Moulay Brahim (CNN) — Rescuers in Morocco are battling to find survivors from Friday’s powerful earthquake, with more than 2,000 people killed and remote villages near the epicenter left in ruins.
In the hard-hit central village of Moulay Brahim, south of Marrakech in the Atlas Mountains, CNN found a family living in a makeshift camp on a soccer field, with authorities telling them it could be a week before they can go home. Firefighters are leading rescue efforts but some buildings are too dangerous to enter.
The building where Mina Bakenziz lived was almost entirely destroyed. “The people came and pulled me out,” she said. “Nothing fell on me, I was so lucky.”
There have been offers of help from around the world but it is not clear how much aid is reaching those in need. The UN on Saturday said it offered support but Morocco was handling the response itself.
The 6.8-magnitude quake struck late on Friday. It was also the strongest to hit the region around the ancient city of Marrakech in a century, according to the US Geological Survey.
The death toll climbed to 2,122 on Sunday afternoon, state-run broadcaster 2M said, with a further 2,421 people injured.
The number of fatalities is expected to rise further as rescuers dig through the rubble of collapsed houses in remote areas of the Atlas Mountains.
In Marrakech, the largest city near the center of the quake and a major tourist draw, many families spent Saturday night staying out in the open, as authorities warned residents to pay close attention to aftershocks.
Hatimi, 53, slept in a central Marrakech park with her entire family, including little children. She said it got cold at night, so they stayed together. “Everybody was outside. All of the neighbors, everyone. We don’t want to go inside, everyone is scared, the shaking was so strong,” she told CNN.
People stayed away from the damaged buildings in the city’s tightly-packed medieval-era center as well as the surrounding red earth walls, where parts have crumbled.
In the Oliveraie Park in central Marrakech, hundreds of people, including children and the elderly, slept on blankets and makeshift mattresses. Families huddled together, trying to get some rest after the shock and panic from the night before.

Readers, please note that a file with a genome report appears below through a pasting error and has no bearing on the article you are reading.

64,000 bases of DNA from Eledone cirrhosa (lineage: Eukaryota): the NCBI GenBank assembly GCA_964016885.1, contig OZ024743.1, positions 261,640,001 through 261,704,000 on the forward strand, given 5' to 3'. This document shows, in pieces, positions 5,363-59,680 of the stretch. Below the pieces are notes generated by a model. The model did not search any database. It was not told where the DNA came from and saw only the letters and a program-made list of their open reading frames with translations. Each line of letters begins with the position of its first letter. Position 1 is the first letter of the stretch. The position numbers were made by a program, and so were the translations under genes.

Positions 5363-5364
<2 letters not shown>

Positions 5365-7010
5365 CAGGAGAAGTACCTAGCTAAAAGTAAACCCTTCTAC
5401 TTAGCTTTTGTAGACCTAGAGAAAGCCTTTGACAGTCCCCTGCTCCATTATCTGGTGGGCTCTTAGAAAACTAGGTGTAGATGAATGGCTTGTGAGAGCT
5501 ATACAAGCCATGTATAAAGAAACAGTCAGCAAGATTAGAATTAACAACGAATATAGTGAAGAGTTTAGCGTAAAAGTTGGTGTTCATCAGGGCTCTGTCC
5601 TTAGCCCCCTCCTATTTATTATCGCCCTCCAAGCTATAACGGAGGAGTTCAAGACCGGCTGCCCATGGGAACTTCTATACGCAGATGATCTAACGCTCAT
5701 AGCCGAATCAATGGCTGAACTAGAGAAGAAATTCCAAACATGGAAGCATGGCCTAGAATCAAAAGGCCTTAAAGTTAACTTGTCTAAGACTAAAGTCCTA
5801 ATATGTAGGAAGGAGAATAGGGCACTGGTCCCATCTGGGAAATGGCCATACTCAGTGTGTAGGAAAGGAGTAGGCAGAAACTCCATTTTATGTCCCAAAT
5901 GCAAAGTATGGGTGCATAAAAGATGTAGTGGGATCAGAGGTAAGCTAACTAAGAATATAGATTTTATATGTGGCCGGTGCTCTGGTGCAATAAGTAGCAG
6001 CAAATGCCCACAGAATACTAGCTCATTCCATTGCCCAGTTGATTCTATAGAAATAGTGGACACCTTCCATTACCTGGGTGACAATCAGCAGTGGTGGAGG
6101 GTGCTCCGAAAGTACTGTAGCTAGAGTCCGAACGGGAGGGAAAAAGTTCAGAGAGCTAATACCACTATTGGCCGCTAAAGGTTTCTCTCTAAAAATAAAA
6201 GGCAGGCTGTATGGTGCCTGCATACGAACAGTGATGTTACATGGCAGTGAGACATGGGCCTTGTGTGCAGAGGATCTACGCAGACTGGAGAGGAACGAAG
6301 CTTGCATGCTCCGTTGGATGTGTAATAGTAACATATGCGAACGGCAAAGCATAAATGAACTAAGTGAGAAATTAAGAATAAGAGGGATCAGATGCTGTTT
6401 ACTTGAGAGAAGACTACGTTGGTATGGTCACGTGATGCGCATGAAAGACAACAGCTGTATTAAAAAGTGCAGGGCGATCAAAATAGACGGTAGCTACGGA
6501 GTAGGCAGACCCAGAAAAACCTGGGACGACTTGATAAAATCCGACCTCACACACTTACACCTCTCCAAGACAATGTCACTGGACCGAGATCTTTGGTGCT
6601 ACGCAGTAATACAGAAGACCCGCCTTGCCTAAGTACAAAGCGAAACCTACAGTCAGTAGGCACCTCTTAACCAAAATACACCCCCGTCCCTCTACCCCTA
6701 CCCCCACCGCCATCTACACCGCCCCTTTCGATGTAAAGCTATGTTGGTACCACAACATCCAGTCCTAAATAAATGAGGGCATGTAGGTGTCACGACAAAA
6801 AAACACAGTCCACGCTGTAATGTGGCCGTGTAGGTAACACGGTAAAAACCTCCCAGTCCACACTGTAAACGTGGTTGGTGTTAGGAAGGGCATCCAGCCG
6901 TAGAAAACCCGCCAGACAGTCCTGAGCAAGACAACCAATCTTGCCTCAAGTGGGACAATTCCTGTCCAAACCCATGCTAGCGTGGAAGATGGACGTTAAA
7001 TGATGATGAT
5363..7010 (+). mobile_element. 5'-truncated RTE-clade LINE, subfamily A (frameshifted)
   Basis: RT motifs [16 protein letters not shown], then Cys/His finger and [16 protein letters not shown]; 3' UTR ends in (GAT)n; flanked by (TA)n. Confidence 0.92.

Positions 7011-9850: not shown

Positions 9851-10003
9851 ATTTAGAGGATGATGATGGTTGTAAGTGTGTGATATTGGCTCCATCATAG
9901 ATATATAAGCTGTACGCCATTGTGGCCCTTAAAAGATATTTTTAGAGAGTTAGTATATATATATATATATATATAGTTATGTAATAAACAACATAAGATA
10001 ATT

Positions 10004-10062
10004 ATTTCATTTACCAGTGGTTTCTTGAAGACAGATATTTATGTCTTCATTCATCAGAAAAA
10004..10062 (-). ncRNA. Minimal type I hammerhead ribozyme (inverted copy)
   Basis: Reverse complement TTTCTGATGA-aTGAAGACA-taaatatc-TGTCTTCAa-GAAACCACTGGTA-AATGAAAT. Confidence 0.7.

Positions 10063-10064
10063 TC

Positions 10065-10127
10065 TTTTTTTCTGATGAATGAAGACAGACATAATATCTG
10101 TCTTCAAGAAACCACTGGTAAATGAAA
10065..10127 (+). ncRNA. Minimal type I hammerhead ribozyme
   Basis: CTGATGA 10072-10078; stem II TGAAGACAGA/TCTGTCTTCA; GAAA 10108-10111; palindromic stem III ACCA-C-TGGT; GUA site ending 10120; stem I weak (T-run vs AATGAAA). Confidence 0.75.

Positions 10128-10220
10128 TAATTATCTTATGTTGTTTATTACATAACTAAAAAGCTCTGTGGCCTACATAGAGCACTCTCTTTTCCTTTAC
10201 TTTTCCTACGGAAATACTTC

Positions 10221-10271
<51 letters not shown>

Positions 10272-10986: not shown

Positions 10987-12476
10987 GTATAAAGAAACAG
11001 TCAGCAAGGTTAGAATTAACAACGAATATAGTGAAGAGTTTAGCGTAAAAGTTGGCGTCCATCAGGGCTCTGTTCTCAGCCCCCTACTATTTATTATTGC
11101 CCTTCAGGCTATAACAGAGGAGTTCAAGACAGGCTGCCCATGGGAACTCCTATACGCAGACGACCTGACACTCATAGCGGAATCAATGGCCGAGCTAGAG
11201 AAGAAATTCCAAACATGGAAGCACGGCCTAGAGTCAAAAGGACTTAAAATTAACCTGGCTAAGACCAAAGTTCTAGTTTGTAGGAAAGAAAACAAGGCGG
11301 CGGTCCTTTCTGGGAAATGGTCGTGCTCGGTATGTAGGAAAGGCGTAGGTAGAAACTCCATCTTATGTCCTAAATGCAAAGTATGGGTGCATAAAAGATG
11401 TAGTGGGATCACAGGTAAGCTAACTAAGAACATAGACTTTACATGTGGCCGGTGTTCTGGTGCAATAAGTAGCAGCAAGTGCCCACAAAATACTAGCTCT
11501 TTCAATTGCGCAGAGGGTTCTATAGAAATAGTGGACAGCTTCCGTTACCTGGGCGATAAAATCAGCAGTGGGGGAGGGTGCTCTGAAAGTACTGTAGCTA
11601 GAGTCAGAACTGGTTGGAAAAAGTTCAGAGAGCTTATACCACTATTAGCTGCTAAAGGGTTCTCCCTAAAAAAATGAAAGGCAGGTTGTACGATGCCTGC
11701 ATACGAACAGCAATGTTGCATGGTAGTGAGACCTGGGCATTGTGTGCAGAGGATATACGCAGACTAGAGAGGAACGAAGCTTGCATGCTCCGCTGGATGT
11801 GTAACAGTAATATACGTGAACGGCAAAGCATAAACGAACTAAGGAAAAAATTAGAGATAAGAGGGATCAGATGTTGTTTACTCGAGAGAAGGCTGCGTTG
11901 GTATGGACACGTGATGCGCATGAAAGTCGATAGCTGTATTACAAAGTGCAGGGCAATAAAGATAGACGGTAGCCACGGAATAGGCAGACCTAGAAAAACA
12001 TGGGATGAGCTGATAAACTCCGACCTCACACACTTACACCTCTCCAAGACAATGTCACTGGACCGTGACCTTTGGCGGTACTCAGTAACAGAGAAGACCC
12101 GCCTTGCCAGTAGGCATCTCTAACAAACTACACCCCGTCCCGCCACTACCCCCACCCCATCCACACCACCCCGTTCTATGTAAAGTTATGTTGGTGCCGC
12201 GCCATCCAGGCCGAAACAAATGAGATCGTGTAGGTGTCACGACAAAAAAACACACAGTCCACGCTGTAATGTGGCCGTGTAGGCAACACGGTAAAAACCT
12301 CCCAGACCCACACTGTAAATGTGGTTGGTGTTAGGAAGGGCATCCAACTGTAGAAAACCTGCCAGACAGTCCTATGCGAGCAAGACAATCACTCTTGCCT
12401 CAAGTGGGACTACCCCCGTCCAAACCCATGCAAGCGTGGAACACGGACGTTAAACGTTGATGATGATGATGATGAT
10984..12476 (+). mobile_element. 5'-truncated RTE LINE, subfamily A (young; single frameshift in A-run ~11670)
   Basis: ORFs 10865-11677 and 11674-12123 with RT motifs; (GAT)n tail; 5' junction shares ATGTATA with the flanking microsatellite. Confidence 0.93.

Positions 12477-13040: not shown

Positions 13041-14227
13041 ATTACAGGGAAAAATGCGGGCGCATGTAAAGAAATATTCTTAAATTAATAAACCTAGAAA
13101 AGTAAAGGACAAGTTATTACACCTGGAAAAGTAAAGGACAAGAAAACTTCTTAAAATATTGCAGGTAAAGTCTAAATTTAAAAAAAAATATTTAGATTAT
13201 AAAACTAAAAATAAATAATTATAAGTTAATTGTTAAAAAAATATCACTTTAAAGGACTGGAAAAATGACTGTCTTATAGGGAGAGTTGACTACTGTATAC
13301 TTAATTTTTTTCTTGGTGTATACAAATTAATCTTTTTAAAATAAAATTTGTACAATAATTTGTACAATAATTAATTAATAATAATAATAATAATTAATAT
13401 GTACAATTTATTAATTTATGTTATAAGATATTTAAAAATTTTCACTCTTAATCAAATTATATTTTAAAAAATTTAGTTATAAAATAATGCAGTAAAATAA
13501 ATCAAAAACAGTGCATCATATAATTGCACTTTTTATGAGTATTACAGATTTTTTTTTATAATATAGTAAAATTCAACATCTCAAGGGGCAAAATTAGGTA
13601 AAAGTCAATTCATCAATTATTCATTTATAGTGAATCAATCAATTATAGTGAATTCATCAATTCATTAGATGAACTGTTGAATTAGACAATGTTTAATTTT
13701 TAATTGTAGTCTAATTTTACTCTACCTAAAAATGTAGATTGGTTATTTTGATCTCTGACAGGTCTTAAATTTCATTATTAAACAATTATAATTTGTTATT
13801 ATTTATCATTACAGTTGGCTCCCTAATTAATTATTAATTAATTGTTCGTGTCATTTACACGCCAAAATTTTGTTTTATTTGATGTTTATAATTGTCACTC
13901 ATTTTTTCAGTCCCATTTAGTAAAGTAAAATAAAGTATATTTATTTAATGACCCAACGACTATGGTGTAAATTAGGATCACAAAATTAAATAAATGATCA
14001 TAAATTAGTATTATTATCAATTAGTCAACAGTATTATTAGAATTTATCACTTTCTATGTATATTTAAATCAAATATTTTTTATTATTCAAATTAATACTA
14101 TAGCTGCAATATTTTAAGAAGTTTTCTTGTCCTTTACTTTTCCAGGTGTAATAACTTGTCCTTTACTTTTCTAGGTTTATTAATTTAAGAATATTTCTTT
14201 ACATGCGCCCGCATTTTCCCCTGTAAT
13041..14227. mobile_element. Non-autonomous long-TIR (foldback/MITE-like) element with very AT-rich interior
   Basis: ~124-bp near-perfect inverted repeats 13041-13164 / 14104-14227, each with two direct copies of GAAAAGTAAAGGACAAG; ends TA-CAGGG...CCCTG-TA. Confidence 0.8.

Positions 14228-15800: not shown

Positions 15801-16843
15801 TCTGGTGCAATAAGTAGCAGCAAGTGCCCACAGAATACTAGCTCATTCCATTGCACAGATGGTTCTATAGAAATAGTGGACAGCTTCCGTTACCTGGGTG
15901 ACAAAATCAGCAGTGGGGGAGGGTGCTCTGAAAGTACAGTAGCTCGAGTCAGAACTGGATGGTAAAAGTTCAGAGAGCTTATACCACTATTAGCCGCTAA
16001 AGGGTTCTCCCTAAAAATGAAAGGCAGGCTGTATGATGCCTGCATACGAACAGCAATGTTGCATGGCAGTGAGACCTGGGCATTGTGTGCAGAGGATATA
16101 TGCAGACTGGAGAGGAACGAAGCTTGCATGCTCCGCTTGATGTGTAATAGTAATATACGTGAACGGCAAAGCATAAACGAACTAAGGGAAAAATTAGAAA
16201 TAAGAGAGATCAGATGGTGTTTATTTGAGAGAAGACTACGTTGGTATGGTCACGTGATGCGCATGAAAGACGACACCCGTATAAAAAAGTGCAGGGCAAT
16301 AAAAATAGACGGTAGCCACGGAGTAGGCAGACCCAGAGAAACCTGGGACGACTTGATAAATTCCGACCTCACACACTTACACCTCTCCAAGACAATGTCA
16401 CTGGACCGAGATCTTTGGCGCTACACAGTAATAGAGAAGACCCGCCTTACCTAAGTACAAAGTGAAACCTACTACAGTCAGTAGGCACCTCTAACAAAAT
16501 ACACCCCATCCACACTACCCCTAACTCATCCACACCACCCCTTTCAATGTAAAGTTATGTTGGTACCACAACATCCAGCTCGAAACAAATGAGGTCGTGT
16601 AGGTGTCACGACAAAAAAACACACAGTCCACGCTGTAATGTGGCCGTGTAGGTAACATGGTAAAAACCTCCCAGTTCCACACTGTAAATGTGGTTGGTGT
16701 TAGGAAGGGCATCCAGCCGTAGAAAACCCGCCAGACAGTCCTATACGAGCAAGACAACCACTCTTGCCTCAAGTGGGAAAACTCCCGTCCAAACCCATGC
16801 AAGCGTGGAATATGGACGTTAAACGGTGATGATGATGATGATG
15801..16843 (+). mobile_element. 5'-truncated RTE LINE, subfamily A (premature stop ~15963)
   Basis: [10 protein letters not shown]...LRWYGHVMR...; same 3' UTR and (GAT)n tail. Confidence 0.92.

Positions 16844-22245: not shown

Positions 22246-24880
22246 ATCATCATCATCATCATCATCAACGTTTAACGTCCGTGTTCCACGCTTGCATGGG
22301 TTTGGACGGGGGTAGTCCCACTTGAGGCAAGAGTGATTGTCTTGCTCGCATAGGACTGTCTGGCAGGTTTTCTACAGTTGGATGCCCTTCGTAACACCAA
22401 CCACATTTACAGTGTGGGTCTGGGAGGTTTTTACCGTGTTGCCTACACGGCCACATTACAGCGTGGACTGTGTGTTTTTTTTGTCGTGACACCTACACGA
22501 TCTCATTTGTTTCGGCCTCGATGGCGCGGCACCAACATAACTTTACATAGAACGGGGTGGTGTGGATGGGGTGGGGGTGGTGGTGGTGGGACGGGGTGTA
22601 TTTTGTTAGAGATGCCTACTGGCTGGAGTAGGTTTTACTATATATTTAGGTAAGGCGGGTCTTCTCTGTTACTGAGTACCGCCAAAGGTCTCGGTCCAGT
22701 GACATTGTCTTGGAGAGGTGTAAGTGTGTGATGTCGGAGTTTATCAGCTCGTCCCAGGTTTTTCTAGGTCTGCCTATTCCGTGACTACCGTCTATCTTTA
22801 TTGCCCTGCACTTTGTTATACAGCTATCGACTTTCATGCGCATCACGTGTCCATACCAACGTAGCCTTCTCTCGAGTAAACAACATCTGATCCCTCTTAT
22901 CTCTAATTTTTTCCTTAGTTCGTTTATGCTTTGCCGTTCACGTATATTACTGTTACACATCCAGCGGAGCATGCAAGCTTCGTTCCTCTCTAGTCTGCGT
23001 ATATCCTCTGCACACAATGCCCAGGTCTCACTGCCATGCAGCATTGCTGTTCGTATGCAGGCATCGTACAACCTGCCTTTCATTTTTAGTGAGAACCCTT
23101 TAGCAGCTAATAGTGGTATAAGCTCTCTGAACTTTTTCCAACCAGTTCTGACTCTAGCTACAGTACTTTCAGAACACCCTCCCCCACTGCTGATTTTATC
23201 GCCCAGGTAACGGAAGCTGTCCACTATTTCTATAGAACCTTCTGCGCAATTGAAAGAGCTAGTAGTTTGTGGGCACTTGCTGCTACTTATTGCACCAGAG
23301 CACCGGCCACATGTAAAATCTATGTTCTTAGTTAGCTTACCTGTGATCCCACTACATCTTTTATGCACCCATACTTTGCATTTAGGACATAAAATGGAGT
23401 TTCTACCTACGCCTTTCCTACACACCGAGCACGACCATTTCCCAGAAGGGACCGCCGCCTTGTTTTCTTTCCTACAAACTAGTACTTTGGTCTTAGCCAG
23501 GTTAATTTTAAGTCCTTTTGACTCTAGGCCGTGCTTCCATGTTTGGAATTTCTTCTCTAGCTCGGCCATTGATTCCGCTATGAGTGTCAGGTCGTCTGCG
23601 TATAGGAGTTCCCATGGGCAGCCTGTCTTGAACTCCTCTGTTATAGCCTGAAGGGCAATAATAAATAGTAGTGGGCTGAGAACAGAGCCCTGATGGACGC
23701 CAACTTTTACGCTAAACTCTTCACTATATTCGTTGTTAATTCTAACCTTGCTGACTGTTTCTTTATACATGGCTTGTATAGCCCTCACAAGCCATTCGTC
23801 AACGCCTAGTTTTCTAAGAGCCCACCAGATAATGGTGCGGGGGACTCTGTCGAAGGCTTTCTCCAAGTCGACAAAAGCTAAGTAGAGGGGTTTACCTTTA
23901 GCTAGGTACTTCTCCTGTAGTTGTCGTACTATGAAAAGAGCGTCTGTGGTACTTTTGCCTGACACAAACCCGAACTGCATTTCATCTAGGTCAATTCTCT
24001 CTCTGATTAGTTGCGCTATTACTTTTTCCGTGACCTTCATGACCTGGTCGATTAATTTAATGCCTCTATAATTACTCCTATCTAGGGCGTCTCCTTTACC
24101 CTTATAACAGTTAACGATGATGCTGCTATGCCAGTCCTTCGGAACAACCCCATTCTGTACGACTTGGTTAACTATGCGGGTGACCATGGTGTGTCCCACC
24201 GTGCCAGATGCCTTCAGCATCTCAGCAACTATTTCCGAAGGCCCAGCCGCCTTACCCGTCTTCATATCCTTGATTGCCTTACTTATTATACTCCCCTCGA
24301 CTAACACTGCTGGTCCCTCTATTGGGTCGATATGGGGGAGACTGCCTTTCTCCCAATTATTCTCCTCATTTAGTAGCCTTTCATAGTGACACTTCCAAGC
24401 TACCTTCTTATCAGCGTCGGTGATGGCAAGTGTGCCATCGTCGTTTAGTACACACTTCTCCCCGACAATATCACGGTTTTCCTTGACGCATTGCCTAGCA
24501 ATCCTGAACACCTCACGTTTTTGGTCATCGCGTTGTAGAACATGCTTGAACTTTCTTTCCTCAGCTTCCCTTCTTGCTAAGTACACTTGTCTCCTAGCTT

Some brought bags of clothes and food, preparing for a possible longer stay away from their homes.
Morocco’s King Mohammed VI has issued instructions to set up a commission for relief services to provide care, housing and foods for those affected. He also ordered mosques nationwide to hold funeral prayers, known as ‘Janazah’ prayers, at noon on Sunday for those killed.
Flags around the city are flying at half-mast to mark three days of national mourning announced by the monarchy.
In Marrakech’s airport, dozens of tourists slept on the floor in the main terminal, waiting to catch a flight out. Flights in and out of the tourism hub have been operating mostly as normal.
‘My house is gone’
Scenes of destruction and despair have also played out in villages dotting the foothills of the Atlas Mountains, where the quake was centered.
These remote areas had the highest number of fatalities, with homes made from mud bricks crumbling onto residents and boulders blocking road for rescue teams to arrive.
Aerial footage showed villages perching on slopes flattened, reduced to piles of rubble in the aftermath of the quake.
Fatima, 50, told CNN her house in the mountain village of Asni had been destroyed.
“I barely got the chance to grab the kids and run out before I saw my house collapsing in front of my eyes. The neighbor’s house has also collapsed and there are two dead people under the rubble,” she said.
Mohammed, 50, from the nearby town of Ouirgane, lost four family members in the quake.
“I managed to get out safely with my two children but lost the rest. My house is gone,” he said.
Rescue operations there are ongoing.
“We are out in the streets with authorities as they try to pull the dead from the rubble. Many many people were transported to hospital in front of me. We are hoping for miracles from the rubble,” Mohammed said.
In the small town of Moulay Brahim, footage released by Reuters showed villagers digging through the rubble to pull out bodies.
Rescuers are racing against time. The first 72 hours after a quake are the most critical period for finding survivors, as the condition of people trapped and injured can quickly deteriorate beyond that window.
“They call it the ‘golden period’ because if you’re going to get people out from under the rubble, that’s the time to do it,” said Joe English, a spokesperson for the UN’s Children Fund, UNICEF.
“These towns and villages, they’re remote, they’re hard to reach…International support and solidarity is absolutely critical,” he added.
The World Health Organization said more than 300,000 people had been affected by the powerful tremors in Marrakech and surrounding areas.
Not since 2004 has the country seen a comparable disaster, when a 6.3-magnitude earthquake struck the port city of Al Hoceima, claiming around 630 lives.
Morocco’s worst earthquake of modern times was in 1960 near the western city of Agadir which killed at least 12,000 people.